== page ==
Stories

The IRE Resource Center is a major research library containing more than 27,000 investigative stories.

Most of our stories are not available for download but can be easily ordered by contacting the Resource Center directly at 573-882-3364 or rescntr@ire.org where a researcher can help you pinpoint what you need.

Search results for "competitions" ...

  • BuzzFeed News: The Edge

    Figure skating, one of the most popular sports at the Winter Olympics, has a problem: Scoring is often slanted in favor of the judges' home countries. In this exclusive analysis, BuzzFeed News showed that one third of the officials selected to judge the 2018 Winter Olympics had, in recent seasons, demonstrated a home-country preference so strikingly consistent that the odds of it occurring by random chance were less than 1 in 100,000.
  • NBC News: Bias In Olympic Figure Skating Judging

    When it comes to judging Olympic figure skating, nationalistic bias is measurable and statistically significant. Data shows a typical judge will give about three points more to an athlete from the same country in cumulative scores. Academics know this. But NBC News showed problems with Olympic skating judging even run deeper. The very people who judge skating include leaders in national skating federations, raising further questions of bias. NBC News found that the pool of 164 judges eligible for PyeongChang's figure-skating events includes 33 judges — roughly a fifth of the total — who hold or have held leadership positions in their national skating federations. NBC News documented how judges caught cheating and breaking the rules routinely are allowed to quickly return to judging the world’s top international competitions. NBC News also did something never attempted before: Spotting bias during the Olympics, and naming names. Our stories got results. For the first time, the International Skating Union took action. After the Olympics, one of the judges named by NBC News while the Olympics were going on, Feng Huang of China, was sanctioned for statistical patterns of bias.
  • Tennessee Walking Horse Torture

    In a far-reaching investigation that spurred industry-wide change and calls for Congressional oversight, the ABC News investigative team exposed the ugly truth behind famed Tennessee Walking Horses: large numbers have been tortured and beaten in order to make them produce the high-stepping gait that wins championships (and significant cash prizes for their owners).
  • The Mafia of Public Job Competitions

    The story shows that investigations for fraud in public job competitions have been carried out in every Brazilian state. Required to join municipal, state and federal institutions, the competitions should be meant to choose the best applicants. However, only those appointed by politicians, and people who pay for a given position, are approved. Making use of a hidden camera, the reporter caught off-guard seven companies that fraud competitions and still approve only applicants appointed by mayors and other officials. Some sell the positions directly to the applicants.
  • "Little Leagues, Big Costs"

    This five-day series chronicles the experiences with youth sports of high school and college athletes and coaches. By establishing "baseline data" that has been previously unreported, Dispatch reporters found a "corrupted" sports program overrun with angry parents and practices that cause severe injury to young athletes. Rising costs and financial competitions are added pressures to the industry.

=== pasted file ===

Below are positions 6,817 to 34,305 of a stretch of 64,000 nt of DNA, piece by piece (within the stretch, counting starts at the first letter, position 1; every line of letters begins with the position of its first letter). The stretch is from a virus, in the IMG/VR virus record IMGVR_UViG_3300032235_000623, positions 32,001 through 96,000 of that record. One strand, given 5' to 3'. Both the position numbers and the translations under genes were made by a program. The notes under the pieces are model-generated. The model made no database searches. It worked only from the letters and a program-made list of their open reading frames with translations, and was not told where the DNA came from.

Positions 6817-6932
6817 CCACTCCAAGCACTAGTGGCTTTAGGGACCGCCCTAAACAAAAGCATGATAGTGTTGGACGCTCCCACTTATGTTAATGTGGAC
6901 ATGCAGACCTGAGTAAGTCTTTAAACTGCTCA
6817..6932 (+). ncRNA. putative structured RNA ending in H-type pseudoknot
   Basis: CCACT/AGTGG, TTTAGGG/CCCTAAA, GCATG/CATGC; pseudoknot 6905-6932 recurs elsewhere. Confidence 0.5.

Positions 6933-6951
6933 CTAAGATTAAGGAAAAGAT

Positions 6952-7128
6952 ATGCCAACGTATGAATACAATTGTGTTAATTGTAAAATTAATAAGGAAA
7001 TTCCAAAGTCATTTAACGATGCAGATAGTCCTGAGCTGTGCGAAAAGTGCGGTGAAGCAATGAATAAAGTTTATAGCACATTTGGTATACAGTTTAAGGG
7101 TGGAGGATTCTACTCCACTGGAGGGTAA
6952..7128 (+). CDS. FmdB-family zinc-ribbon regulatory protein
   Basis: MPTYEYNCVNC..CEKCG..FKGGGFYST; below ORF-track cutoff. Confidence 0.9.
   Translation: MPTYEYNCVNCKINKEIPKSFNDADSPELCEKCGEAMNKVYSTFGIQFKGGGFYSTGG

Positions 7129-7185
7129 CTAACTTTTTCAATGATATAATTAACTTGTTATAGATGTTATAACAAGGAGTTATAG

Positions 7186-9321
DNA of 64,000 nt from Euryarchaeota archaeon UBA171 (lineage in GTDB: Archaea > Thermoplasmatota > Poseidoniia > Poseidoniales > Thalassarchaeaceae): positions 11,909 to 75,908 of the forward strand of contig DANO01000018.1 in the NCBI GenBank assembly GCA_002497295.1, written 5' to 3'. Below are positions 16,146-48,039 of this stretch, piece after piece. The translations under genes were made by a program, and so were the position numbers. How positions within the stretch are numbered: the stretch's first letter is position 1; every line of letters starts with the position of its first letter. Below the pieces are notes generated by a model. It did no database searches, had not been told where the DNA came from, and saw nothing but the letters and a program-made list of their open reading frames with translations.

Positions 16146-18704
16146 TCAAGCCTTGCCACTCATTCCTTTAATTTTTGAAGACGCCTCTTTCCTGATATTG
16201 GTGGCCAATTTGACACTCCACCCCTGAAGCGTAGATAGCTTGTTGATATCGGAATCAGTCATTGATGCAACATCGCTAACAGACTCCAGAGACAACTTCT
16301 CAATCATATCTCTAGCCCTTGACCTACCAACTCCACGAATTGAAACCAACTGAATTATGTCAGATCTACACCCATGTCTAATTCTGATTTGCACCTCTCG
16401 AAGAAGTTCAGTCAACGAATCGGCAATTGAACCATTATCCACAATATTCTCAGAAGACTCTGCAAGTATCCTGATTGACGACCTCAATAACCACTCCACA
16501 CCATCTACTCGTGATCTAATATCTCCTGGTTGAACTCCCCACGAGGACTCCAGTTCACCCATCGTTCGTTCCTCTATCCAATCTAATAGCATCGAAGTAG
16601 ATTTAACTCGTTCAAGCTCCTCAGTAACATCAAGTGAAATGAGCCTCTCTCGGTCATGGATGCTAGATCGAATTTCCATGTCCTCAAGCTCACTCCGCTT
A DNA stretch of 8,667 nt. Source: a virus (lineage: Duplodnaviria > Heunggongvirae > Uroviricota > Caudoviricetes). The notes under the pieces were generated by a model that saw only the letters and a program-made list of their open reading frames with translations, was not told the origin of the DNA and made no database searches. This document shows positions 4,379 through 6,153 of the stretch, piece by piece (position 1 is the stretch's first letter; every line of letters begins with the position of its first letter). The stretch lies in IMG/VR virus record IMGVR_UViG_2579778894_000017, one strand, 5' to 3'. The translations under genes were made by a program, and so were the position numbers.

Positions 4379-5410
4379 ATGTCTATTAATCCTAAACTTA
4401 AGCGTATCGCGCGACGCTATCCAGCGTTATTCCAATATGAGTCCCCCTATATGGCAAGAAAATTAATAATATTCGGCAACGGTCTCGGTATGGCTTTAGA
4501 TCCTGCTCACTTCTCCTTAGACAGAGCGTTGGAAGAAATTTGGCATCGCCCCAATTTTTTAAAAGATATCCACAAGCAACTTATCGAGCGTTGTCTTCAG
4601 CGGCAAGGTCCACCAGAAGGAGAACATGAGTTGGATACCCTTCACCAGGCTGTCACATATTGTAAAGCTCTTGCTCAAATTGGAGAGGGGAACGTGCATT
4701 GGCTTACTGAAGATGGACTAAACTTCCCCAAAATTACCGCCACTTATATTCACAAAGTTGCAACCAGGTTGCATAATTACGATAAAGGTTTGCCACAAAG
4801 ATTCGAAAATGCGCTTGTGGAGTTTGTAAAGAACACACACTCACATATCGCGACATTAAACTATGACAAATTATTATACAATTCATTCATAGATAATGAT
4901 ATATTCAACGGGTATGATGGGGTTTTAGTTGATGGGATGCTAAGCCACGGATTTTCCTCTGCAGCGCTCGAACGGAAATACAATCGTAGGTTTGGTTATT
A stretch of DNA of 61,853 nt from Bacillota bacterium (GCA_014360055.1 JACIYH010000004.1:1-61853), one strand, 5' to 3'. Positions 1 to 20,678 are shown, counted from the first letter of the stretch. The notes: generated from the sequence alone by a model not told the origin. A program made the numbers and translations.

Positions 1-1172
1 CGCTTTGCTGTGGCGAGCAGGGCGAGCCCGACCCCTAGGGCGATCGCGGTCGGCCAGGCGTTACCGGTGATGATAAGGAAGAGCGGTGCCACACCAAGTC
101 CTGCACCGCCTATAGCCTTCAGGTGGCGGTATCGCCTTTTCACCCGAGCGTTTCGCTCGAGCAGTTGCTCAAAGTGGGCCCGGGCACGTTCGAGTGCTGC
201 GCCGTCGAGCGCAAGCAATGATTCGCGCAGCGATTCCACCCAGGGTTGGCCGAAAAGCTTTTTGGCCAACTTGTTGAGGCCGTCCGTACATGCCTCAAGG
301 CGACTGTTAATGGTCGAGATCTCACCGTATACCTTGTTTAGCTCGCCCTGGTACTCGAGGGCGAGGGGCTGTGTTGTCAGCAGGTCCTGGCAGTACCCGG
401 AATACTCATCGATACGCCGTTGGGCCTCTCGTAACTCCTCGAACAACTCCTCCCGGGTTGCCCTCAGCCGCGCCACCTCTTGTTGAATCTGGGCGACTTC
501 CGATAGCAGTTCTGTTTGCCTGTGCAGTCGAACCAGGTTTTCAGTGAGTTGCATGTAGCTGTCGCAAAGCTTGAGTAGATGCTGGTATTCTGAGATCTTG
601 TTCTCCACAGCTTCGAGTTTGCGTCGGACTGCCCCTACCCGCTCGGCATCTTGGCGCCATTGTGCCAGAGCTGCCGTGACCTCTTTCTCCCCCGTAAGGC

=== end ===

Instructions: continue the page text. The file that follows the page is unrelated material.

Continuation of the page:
• Blood on the Rings - Tales of Torture

    The human rights violations by Saddam Hussein and his ruling family are well documented. Tom Farrey uncovered a new aspect of this story. Iraqi Olympic athletes were often tortured for failing to win competitions. Some accuse Saddam's son Uday Hussein with turning the Iraqi Olympic building into headquarters for criminal operations involving smuggling stolen cars and other goods.
  • The Perfect Race

    ABC News 20/20 reports on an international doping scandal involving "young athletes in East Germany during a government sponsored scheme to win Gold medals at any cost." The investigation reveals "a sinister experiment carried out ... on children as young as age 10..." in order "to turn young women into virtual men." The report uncovers documents from "the Stasi headquarters (East Germany's secret police) ... [which] detailed how more that 10,000 athletes were systematically doped by a state-sanctioned scheme over a 20-year period." The production features interviews "with East German athletes who were victimized by this government-run program" and "athletes from the United States who would have won the Olympic Gold medals had the East German athletes been disqualified."
  • The Attack of the (Killer?) Bees

    Education Week investigates the effects of academic competitions on high school and grade school children. Increasing numbers of bees and competitions motivate bright students to learn and may help them into the best universities, but the intense competitions also rob children of their free time and teach kids to work against rather than with their peers.
  • The Big Cheat

    Chicago Magazine reports that "Steinmetz High School's surprise victory in last spring's academic decathlon seemed to be a Horatio Alger tale that all Chicago could celebrate. But it turned into a troubling story of ambition, resentment, and deceit - all under the wing of an exceptionally popular, manipulative teacher.."